All posts tagged: Dase

35 Artists in Barcelona Trying To Save The Arctic with Greenpeace

35 Artists in Barcelona Trying To Save The Arctic with Greenpeace

Yesterday our posting was about artists in London creating works about endangered species and today we go to Barcelona where 35 artists joined with Greenpeace and a local group named RebobinArt on April 9th to create works centered on environmental issues, especially the quickly disappearing polar ice cap.

Only three days later scientists announced that the Greenland “Melt” has happened one month earlier than usual this year, smashing records and causing scientists to reexamine their measuring instruments to make sure they were working correctly.

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La Castillo. Save The Arctic. Barcelona, Spain. April 2016. (photo © Lluis Olive Bulbena)

The art-platform model of RebobinArt is interesting because they are a community organization that manages spaces and issues permits for painting for competitions, festivals, exhibitions, educational programs, and cause-based events like this one.

Under the guidance of Director Marc Garcia, RobobinArt promotes and facilitates a different sort of public painting that is not strictly commercial and yet it is clearly not the freewheeling graffiti/street art based stuff that made Barcelona such a magnet for artists in the early-mid 2000s.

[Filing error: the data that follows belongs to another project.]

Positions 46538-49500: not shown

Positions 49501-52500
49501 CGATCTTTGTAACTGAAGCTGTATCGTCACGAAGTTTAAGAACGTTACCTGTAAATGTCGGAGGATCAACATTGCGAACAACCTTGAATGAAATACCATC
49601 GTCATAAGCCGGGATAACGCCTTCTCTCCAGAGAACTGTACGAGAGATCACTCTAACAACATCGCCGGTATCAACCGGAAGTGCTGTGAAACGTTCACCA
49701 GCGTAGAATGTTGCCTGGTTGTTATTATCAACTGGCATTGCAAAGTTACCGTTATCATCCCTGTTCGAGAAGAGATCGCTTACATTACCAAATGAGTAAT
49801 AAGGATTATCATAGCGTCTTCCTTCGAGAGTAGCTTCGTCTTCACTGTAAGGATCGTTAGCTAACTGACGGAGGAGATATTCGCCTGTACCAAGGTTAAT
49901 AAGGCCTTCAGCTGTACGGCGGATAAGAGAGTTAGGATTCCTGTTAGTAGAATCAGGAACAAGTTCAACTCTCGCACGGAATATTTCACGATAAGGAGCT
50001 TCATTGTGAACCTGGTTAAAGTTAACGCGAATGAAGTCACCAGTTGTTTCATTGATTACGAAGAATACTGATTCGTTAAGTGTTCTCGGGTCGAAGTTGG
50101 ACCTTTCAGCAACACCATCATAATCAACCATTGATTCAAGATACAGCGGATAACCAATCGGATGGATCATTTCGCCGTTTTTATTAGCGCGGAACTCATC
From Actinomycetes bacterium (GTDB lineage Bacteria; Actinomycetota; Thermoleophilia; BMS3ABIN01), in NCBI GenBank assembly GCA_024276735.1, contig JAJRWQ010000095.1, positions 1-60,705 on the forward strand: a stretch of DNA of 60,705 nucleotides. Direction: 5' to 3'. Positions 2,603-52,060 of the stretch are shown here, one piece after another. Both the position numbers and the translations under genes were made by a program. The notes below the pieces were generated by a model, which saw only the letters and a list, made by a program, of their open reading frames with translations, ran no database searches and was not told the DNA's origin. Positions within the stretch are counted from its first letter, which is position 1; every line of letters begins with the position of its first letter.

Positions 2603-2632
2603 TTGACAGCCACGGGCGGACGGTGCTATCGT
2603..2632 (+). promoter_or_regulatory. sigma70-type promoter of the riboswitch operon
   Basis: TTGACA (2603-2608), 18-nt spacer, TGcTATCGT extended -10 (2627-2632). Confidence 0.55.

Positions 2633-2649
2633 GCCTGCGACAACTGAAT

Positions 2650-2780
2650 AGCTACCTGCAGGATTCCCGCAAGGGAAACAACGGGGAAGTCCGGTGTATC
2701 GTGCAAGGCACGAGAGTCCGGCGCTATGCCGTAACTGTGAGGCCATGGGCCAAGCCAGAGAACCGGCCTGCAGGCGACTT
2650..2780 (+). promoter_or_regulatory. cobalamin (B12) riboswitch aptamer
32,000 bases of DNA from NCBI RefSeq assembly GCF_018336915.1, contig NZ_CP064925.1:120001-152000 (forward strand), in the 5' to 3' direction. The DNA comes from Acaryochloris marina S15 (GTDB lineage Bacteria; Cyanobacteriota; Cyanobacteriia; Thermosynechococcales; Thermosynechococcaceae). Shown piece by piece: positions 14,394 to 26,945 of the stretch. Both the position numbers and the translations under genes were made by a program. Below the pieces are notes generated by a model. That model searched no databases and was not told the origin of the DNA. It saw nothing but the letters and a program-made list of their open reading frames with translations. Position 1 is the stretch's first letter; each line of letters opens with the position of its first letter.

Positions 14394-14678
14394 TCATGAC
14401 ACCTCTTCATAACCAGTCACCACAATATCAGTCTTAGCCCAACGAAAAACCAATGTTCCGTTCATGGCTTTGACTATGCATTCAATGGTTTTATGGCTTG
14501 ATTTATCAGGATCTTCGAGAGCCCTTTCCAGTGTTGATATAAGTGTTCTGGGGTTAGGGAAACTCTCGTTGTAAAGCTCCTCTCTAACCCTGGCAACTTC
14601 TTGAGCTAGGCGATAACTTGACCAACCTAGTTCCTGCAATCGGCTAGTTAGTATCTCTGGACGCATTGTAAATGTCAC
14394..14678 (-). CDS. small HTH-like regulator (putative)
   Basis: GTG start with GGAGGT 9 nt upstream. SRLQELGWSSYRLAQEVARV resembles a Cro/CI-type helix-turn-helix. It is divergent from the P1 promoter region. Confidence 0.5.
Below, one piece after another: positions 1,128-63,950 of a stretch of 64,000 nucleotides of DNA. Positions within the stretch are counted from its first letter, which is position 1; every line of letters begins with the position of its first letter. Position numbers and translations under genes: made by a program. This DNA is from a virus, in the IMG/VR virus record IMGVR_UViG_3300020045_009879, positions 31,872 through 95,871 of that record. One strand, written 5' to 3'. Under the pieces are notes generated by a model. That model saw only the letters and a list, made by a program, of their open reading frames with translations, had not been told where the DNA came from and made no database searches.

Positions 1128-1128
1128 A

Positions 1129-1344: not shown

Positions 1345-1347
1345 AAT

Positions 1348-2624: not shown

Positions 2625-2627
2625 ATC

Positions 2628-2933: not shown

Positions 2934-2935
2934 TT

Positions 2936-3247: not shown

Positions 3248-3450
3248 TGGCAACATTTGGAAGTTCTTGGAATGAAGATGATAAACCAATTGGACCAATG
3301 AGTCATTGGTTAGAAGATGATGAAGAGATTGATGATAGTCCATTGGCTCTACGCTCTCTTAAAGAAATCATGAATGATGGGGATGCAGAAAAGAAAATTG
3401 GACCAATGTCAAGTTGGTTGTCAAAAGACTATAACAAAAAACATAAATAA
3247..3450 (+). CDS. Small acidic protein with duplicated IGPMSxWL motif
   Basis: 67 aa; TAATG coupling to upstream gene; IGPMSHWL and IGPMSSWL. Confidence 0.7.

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DASE. Save The Arctic. Barcelona, Spain. April 2016. (photo © Lluis Olive Bulbena)

Done along a 600 meter long strip in the neighborhood of Poblenou many artists joined in to paint simultaneously and talk about issues like biodiversity and the melting of the arctic. Artists included :  AKORE, Dase, Rupper Artgigena, Labuenaylamala, Cheko, EDJINN, Laura Torroba, Mateu Targa, 400kunstler, Jaloóndeaquiles, Ulises Mendicutty, Joaquim Riaq, Santa sudaka, Penao, ENER, Tayone Grey Rainbow, Axe Colours, Bublegum, Mariajo, Rubicon1 , Camil Escruela, Elru Ghyart, El Xupet Negre , Mr. Sis , Kimo Osuna, H3L-X, Eva Zurita, and LaCastillo, among others.

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Axe Colours. Save The Arctic. Barcelona, Spain. April 2016. (photo © Lluis Olive Bulbena)

 

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Santa Sudaka. Save The Arctic. Barcelona, Spain. April 2016. (photo © Lluis Olive Bulbena)

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Pau Lopez Vila. Save The Arctic. Barcelona, Spain. April 2016. (photo © Lluis Olive Bulbena)

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Kimo Osuna. Save The Arctic. Barcelona, Spain. April 2016. (photo © Lluis Olive Bulbena)

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Mr. Sis. Save The Arctic. Barcelona, Spain. April 2016. (photo © Lluis Olive Bulbena)

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Color In Action. Save The Arctic. Barcelona, Spain. April 2016. (photo © Lluis Olive Bulbena)

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Ahanko Mimiko . Riaq Miuq. Save The Arctic. Barcelona, Spain. April 2016. (photo © Lluis Olive Bulbena)